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Saturday, April 21, 2012
Ridvan - first day (Bahai )
Apr Sat 21 Ridvan - first day (Bahai )
The start of a 12 day festival when Baha'is celebrate the day when Baha'u'llah said that he was the prophet predicted by the Bab.The most important Baha'I festival.
GLOBAL REACH OF THE ARAB SPRING
The Global Reach of the Arab Spring A Dialogue Sponsored by the Institute of World Culture April 21, 2012, 7:30 – 9:30 pm Faulkner Gallery, Santa Barbara Public Library, 40 E. Anapamu St. Discussion Leaders: Johan Galtung, Stephen Zunes, and Ian Masters
The great affirmation of people power that began with what is called "The Arab Spring” continues to surge around the world. To assess the future prospects and consequences of potentially the most emancipatory movement of our time, several thinkers and proponents of nonviolent politics and Middle East affairs will lead a public forum. Questions about the sources, methods and goals of such protests will be addressed along with questions about the new meanings of freedom, fairness, power and authority that the protestors are using to promote fundamental transformations in their societies. This plenary session is free, but voluntary donations to support the expenses of the forum will be welcome. Visit the Institute web site, worldculture.org for more details about the speakers and the event. For additional information, please contact Philip Grant, Project Coordinator and Professor of Peace Studies. Email: firstname.lastname@example.org/Telephone: 805.845.7222.
The Education of a Peace Maker Philip Grant Interviews Johan Galtung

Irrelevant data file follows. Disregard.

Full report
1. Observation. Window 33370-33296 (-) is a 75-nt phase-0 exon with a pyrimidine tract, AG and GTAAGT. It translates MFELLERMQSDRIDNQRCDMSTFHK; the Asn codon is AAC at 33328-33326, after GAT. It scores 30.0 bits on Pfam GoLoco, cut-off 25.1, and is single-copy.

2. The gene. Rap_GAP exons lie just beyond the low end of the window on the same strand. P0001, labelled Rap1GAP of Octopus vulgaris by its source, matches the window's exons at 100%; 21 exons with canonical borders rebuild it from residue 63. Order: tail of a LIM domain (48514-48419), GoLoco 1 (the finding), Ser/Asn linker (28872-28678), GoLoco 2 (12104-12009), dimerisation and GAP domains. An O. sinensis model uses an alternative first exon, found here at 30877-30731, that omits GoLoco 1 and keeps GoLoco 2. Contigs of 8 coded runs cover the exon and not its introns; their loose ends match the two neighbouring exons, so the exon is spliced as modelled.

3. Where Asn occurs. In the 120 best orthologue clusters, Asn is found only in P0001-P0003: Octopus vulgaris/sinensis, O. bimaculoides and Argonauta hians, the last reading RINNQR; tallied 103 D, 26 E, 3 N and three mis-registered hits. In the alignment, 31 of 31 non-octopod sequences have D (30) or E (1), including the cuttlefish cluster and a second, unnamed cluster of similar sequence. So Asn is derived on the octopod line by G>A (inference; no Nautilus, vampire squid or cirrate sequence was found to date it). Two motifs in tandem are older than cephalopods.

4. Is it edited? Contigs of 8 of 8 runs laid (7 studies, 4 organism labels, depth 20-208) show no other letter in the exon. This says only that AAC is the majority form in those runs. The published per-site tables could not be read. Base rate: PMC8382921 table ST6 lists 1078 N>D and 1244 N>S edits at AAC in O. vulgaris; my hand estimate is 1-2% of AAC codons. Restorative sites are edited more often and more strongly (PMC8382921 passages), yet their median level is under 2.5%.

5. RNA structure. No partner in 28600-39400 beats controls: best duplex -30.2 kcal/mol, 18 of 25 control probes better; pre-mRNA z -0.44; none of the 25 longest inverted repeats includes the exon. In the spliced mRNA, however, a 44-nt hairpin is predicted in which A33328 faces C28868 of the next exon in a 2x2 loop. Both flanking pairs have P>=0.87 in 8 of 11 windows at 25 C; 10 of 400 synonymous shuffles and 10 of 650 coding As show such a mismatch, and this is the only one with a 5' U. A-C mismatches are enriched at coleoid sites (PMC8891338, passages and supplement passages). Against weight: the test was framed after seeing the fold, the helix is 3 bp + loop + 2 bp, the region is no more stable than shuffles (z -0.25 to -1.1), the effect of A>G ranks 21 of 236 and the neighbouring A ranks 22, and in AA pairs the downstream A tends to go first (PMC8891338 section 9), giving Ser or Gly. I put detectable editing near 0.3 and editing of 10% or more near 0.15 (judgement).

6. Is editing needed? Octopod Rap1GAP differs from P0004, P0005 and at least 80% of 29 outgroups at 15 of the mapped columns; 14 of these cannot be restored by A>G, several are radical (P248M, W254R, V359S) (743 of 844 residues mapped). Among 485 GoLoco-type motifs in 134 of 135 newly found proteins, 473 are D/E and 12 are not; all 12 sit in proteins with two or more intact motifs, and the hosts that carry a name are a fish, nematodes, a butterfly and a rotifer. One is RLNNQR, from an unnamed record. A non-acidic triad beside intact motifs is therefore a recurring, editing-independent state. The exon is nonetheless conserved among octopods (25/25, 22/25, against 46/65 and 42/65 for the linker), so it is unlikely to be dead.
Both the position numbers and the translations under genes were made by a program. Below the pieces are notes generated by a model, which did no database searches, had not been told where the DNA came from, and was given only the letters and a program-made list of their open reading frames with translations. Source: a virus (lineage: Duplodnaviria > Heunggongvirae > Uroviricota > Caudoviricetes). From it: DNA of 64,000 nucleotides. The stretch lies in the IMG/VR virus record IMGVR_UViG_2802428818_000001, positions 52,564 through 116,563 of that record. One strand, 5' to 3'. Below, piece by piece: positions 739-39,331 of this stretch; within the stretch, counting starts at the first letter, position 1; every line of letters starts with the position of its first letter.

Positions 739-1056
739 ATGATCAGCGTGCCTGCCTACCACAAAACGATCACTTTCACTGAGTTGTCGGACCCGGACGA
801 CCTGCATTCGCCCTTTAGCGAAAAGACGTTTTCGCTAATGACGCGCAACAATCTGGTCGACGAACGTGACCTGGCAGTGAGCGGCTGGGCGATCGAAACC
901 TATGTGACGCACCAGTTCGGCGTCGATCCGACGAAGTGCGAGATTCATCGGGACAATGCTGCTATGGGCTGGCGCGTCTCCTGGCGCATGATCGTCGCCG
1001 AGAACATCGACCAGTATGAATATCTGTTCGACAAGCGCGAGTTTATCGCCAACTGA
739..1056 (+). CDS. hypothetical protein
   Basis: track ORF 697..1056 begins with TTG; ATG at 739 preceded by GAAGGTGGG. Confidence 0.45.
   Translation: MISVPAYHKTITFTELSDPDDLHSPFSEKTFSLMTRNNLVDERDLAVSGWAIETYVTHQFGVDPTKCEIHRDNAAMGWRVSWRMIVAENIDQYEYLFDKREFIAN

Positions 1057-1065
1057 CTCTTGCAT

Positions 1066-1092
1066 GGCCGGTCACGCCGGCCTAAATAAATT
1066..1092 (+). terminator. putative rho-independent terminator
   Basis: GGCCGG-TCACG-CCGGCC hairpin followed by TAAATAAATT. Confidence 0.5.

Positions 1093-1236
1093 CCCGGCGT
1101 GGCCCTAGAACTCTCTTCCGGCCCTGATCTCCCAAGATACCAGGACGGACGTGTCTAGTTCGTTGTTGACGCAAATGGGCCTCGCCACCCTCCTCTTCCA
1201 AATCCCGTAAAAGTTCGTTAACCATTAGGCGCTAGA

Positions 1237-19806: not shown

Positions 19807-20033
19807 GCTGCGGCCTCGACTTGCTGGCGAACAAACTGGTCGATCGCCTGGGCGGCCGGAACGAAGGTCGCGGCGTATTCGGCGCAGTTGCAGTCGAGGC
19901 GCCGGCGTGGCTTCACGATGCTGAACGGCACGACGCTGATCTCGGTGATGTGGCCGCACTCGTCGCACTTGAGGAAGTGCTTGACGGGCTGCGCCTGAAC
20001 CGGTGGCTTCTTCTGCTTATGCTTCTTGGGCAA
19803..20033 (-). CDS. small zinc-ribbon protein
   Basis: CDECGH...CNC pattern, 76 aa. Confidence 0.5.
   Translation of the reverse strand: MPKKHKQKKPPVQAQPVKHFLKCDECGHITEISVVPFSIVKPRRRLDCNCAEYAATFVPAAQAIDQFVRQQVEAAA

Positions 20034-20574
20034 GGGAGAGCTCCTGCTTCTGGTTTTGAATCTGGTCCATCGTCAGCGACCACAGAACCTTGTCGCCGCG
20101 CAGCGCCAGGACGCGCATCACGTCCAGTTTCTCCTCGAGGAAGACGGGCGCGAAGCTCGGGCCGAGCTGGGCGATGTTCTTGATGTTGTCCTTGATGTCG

At the Institute forum on The Global Reach of the Arab Spring to be held on April 21st, Dr. Johan Galtung, an internationally known scholar and peace activist will be an active participant. The coordinator of the forum, Dr. Philip Grant had the opportunity to interview Dr. Galtung some years ago and record his thinking about principles of conflict resolution and encounters with world leaders over a 50 year period. The following paragraphs express some of Dr. Galtung’s observations. The complete and fascinating interview is available on the IWC web page. (worldculture.org) When asked if he thought that the dialectic of non-violence based on the ideas of Hegel and European thinkers was useful, Dr. Galtung responded: “Not particularly. You should rather start with a Buddhist Hindu conceptualization of karma, and stress the Co-dependent Origination Principle in Buddhism, which in Japanese is referred to as ergi. This idea is that you and I may think we are separated today by gigantic differences, but if we look a little bit deeper, back in time, we are actually united. We have to go back to this bedrock of universality whenever there is something separating us. If there’s a conflict we must step back and say, “Why don’t we sit down and talk about this?” The image I use is karma as a boat. The problems of life require us to travel in that boat together when the water is seeping in and the boat is slowly sinking. Now the good Western approach is to blame somebody for the predicament. We want to assemble a courtroom at the tail end of the boat while it is sinking nicely. A good Buddhist approach is to say, well, let us meditate first. Go inside ourselves. Then we can have a dialogue, and out of the dialogue we can decide what to do about the leaks. And while doing that, we may consider constructing a new boat. The question – Who did what? – becomes immaterial. I completely embrace this method, and so did Gandhi. At one point he even said that perhaps he was actually a Buddhist.” On the future, Dr, Galtung suggested: “Moreover, I see some kind of global citizenship coming up on the horizon. With 1.3 billion people now excluded from the global economy, and the numbers are certainly going to rise, the only way we can really bring everyone into the family of humanity is to create a concept of citizenship at the global level. This would involve a core of basic needs, rights and responsibilities that anyone, by virtue of being a human being, could appeal to, and that anyone in a position of authority would be bound to respect, as a condition of exercising that authority. We must reinvent the concept of the commons at the global level, and establish some kind of global welfare society that would furnish a safety-net for every women, child and man on the planet. Only then could we look upon the idea of globalization with any sense of satisfaction. If our civilization is to command any respect from the coming generations it can leave no one on the outside looking in. The global communications revolution could certainly assist in this larger revolution, which is much more noble and heroic than anything humanity has ever attempted before, and certainly goes far beyond the idea of a market economy.”